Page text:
High and increasing prevalence of inflammatory bowel disease in Finland with a clear North–South difference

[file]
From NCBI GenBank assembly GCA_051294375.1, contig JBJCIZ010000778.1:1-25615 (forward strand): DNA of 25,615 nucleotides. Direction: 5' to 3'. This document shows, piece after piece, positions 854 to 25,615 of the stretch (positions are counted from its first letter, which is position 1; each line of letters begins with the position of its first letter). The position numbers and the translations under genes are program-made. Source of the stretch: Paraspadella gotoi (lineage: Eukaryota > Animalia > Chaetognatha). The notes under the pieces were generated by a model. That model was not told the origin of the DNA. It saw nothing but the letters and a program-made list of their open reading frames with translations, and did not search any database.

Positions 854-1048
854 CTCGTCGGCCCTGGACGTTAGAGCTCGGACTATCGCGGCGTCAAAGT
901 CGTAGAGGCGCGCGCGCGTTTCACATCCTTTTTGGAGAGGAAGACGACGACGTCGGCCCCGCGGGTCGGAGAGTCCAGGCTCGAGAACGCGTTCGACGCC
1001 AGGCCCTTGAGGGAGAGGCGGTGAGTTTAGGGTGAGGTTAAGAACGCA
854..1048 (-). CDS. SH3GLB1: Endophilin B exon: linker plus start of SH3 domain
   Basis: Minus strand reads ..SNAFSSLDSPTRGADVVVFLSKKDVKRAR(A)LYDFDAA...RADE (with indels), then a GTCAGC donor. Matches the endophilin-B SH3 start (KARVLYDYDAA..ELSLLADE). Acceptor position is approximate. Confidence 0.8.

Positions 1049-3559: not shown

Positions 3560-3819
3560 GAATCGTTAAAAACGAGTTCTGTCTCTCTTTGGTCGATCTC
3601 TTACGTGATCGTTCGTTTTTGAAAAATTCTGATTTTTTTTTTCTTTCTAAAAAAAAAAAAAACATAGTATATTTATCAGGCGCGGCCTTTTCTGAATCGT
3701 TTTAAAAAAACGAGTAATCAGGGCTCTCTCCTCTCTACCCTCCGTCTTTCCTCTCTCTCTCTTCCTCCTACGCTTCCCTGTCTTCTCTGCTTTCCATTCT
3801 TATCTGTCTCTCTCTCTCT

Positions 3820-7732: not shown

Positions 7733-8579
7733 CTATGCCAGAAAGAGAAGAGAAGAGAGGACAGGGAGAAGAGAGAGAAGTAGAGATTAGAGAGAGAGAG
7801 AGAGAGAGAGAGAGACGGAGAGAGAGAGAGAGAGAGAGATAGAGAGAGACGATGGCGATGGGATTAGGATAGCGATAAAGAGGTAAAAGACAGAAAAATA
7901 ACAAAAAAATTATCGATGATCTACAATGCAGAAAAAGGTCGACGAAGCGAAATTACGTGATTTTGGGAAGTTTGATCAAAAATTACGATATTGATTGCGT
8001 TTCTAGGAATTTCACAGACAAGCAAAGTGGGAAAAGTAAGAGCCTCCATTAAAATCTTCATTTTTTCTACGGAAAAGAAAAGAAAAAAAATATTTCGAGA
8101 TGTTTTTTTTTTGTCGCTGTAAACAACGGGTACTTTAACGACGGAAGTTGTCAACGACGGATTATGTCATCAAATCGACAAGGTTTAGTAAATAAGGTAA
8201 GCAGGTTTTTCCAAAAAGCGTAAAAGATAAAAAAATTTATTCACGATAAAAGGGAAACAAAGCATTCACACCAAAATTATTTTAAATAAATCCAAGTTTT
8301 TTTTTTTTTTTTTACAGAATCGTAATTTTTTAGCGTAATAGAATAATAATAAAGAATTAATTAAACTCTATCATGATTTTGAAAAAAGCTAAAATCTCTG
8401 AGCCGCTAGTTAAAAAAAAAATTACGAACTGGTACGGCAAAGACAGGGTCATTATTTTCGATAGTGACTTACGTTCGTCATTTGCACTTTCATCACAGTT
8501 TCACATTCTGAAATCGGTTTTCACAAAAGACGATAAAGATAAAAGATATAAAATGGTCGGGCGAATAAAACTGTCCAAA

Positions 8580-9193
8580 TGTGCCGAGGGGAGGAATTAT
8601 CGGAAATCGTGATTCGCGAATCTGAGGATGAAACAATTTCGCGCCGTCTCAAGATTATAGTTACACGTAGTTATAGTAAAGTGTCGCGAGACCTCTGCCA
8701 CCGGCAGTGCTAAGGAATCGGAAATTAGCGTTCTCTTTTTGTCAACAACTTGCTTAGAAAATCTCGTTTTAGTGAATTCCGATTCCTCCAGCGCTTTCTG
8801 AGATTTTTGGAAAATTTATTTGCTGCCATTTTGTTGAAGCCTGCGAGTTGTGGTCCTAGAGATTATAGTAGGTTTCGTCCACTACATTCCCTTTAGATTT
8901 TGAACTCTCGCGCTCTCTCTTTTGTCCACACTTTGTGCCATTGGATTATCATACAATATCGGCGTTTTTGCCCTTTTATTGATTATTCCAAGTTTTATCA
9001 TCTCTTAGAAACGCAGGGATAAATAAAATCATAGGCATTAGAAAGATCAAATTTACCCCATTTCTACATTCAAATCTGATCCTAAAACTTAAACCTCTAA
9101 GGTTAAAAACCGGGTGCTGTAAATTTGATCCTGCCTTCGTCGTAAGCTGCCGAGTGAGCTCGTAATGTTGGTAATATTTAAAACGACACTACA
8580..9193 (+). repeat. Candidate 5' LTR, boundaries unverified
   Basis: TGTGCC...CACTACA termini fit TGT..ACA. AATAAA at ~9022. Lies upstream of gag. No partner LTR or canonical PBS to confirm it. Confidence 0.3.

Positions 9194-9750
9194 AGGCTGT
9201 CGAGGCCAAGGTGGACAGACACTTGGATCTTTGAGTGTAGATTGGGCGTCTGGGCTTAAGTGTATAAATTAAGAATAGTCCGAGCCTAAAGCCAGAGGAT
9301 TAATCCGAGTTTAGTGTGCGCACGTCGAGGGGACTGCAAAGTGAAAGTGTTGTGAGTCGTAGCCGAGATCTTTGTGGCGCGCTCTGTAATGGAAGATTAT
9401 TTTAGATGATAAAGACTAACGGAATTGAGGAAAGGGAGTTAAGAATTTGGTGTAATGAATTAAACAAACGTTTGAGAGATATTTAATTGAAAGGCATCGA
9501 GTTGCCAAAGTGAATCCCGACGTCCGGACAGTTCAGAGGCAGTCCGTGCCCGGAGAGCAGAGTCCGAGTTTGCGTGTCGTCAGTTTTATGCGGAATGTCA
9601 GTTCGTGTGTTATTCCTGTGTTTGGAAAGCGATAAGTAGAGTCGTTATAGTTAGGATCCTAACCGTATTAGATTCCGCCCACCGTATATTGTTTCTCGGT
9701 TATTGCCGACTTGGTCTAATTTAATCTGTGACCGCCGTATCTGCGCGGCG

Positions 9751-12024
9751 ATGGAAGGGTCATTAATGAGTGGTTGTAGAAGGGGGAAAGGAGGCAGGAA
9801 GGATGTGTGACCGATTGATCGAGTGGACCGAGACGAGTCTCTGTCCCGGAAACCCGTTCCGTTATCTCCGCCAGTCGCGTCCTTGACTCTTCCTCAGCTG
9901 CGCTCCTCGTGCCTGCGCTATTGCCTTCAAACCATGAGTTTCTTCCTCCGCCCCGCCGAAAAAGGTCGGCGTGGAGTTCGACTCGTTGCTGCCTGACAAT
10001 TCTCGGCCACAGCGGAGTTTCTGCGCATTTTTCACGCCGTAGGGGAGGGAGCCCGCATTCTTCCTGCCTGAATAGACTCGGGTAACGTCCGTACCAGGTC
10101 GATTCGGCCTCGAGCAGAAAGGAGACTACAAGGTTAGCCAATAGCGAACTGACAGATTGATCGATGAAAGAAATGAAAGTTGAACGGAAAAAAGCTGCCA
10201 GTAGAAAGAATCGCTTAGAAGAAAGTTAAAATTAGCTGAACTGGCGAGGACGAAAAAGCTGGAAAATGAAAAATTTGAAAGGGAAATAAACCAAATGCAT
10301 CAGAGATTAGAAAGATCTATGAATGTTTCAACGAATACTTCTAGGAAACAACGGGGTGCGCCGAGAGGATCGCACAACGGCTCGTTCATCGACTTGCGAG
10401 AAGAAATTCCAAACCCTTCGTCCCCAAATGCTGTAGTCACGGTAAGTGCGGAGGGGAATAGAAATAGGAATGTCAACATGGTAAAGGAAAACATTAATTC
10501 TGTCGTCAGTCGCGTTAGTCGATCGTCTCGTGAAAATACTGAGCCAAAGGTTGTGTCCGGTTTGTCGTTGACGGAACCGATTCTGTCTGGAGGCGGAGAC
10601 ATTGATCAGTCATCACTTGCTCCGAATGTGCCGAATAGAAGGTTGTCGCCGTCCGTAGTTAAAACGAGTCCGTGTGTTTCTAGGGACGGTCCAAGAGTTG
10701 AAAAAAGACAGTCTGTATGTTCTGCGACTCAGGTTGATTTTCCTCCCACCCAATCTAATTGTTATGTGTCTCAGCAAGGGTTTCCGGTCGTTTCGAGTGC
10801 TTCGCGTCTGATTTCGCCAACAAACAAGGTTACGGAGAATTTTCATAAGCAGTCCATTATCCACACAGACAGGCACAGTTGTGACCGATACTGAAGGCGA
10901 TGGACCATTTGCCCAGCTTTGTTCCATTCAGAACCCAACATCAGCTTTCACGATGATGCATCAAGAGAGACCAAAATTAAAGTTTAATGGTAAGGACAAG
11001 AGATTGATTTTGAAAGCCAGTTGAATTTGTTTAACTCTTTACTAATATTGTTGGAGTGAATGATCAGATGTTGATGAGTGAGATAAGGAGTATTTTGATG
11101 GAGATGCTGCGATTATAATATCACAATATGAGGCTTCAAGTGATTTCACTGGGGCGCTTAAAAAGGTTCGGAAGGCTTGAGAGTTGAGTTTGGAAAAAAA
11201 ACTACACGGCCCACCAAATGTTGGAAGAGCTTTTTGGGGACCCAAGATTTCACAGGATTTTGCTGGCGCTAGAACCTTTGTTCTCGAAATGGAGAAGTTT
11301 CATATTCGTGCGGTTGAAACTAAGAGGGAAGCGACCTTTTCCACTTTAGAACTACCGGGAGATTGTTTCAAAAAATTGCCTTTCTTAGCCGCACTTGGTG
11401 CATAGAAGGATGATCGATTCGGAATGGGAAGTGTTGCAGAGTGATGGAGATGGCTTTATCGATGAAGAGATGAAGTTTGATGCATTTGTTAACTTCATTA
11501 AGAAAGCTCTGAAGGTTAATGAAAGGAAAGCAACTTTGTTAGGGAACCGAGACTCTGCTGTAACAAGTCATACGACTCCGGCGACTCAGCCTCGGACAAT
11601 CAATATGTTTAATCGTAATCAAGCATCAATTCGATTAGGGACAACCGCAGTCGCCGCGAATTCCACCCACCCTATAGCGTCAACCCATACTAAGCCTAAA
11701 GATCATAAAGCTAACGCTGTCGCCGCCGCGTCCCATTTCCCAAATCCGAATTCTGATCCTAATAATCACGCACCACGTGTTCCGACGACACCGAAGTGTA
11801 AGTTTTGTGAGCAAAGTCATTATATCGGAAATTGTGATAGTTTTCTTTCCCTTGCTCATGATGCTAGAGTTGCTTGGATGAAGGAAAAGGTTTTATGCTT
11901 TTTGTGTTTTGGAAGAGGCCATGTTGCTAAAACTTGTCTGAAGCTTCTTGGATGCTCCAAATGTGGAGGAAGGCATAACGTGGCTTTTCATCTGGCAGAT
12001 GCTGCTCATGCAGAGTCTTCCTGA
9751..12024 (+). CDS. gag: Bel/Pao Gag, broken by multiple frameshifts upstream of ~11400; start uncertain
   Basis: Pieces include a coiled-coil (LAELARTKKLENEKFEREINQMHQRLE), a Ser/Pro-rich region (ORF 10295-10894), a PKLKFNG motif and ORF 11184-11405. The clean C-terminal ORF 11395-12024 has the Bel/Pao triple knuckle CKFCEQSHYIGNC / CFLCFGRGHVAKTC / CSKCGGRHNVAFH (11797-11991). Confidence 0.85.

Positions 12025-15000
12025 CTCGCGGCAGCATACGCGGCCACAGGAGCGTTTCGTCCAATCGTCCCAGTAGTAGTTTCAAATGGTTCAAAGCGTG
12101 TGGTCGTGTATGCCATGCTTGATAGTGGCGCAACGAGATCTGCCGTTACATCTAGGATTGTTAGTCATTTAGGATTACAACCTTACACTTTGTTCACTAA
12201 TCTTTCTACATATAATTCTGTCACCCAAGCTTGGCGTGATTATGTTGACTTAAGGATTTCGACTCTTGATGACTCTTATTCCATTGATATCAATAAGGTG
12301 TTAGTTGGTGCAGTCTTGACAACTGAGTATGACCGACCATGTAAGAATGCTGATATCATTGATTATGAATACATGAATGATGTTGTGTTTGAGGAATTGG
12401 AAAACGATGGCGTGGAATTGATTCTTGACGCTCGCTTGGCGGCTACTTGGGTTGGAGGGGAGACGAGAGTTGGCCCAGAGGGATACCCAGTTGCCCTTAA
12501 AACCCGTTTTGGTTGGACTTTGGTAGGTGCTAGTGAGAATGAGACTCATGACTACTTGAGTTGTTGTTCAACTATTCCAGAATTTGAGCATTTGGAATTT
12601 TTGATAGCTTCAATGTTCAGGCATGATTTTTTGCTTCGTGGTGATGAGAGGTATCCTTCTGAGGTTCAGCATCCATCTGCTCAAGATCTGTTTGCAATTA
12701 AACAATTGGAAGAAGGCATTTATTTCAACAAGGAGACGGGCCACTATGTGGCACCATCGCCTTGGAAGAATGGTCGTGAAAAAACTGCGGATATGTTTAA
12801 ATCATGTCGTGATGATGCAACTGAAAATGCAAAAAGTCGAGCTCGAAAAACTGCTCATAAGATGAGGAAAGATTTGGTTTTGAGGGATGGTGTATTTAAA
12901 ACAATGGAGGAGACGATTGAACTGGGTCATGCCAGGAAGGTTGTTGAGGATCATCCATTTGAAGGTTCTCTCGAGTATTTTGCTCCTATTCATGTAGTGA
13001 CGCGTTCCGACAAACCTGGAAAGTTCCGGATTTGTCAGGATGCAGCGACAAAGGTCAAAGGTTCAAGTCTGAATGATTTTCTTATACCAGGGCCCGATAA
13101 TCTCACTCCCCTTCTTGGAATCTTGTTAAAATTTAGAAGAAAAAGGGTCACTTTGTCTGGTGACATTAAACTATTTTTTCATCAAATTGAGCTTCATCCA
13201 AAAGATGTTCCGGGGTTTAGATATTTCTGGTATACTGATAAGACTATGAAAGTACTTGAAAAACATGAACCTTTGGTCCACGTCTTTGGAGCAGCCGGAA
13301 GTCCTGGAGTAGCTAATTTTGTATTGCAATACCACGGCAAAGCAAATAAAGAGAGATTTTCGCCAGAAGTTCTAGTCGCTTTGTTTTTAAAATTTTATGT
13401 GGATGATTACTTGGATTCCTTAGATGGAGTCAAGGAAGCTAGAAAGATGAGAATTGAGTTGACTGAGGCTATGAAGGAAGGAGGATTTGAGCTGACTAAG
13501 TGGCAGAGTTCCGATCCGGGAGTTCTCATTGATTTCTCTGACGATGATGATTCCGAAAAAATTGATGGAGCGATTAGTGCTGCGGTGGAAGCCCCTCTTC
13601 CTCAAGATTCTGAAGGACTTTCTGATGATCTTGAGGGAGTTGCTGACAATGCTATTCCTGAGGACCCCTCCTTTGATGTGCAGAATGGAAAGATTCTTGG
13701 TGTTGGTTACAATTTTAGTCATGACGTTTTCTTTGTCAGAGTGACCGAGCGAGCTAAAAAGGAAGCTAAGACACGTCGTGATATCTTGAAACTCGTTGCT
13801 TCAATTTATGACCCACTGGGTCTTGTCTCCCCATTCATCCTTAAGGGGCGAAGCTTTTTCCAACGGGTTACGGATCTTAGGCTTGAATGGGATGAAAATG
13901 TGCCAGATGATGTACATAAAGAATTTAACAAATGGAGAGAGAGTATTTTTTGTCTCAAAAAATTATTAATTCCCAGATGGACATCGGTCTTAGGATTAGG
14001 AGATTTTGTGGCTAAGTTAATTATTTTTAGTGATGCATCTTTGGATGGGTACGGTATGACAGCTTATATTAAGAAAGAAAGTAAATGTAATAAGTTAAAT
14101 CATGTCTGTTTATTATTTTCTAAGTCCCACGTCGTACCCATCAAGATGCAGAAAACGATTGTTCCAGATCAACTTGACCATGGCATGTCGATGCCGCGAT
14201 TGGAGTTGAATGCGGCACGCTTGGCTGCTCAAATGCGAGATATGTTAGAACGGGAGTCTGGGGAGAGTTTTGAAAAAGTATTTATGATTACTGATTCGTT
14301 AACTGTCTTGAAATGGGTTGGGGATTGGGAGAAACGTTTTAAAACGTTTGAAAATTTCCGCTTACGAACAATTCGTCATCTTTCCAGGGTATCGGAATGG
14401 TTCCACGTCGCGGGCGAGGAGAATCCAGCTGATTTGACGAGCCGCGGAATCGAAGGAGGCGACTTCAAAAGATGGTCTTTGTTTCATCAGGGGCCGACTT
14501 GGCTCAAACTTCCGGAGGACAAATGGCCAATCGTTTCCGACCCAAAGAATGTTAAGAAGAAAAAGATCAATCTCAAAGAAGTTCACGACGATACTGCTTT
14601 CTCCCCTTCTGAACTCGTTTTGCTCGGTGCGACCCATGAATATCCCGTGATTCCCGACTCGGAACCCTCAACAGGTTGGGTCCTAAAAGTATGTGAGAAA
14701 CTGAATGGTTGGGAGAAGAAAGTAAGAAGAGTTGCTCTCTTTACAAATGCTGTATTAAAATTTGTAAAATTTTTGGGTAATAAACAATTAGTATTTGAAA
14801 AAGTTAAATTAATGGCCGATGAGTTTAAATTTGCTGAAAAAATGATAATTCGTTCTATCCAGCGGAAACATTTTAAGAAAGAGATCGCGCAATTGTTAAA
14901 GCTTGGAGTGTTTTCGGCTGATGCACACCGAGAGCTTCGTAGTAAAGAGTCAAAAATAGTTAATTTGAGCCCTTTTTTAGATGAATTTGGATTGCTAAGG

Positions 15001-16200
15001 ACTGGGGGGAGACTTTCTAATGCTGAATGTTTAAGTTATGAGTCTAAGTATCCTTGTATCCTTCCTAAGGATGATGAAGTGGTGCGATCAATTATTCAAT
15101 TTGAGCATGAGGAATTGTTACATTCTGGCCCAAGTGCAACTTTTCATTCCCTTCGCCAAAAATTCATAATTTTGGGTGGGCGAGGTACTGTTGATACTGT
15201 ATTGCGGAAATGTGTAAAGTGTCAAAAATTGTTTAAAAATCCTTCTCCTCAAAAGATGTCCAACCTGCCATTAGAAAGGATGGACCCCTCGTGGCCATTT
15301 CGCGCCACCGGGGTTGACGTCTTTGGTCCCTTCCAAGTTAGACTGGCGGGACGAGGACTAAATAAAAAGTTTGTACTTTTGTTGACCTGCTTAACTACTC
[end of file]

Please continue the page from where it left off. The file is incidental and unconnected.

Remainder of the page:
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Background and aim: Inflammatory bowel disease (IBD) prevalence has increased and a North–South gradient has been reported. We estimated the nationwide prevalence of IBD, ulcerative colitis (UC) and Crohn's disease (CD) in 1993, and prevalence of IBD in 2008, and assessed the geographical distribution of IBD in Finland. In addition, we investigated the vitamin D levels in a study population from a large, nationally representative health examination survey, the Health 2000 Survey.Methods: The register study for prevalences included all patients who had special reimbursement of medications for IBD in the years 1993 (n = 10,958) and 2008 (31,703). The study for D-vitamin measurement consisted of 6134 persons who had participated in the Health 2000 Survey.Results: The nationwide point prevalence of IBD in 1993 was 216 per 100,000 inhabitants, and 595 in 2008. In 1993, the prevalence of UC (177) was fourfold higher than the prevalence of CD (38). The prevalence of IBD and UC in Finland increased from South to North. For CD, no geographical variation could be demonstrated. In the Health 2000 survey, vitamin D levels were lower in Northern than in Southern Finland.Conclusions: Finland belongs to high prevalence area of IBD and this prevalence has increased nearly threefold during the past 15 years. A clear North–South gradient has been shown for IBD and UC, but not for CD. Slightly lower vitamin D levels in Northern Finland may be associated with the observed higher prevalence of IBD there.

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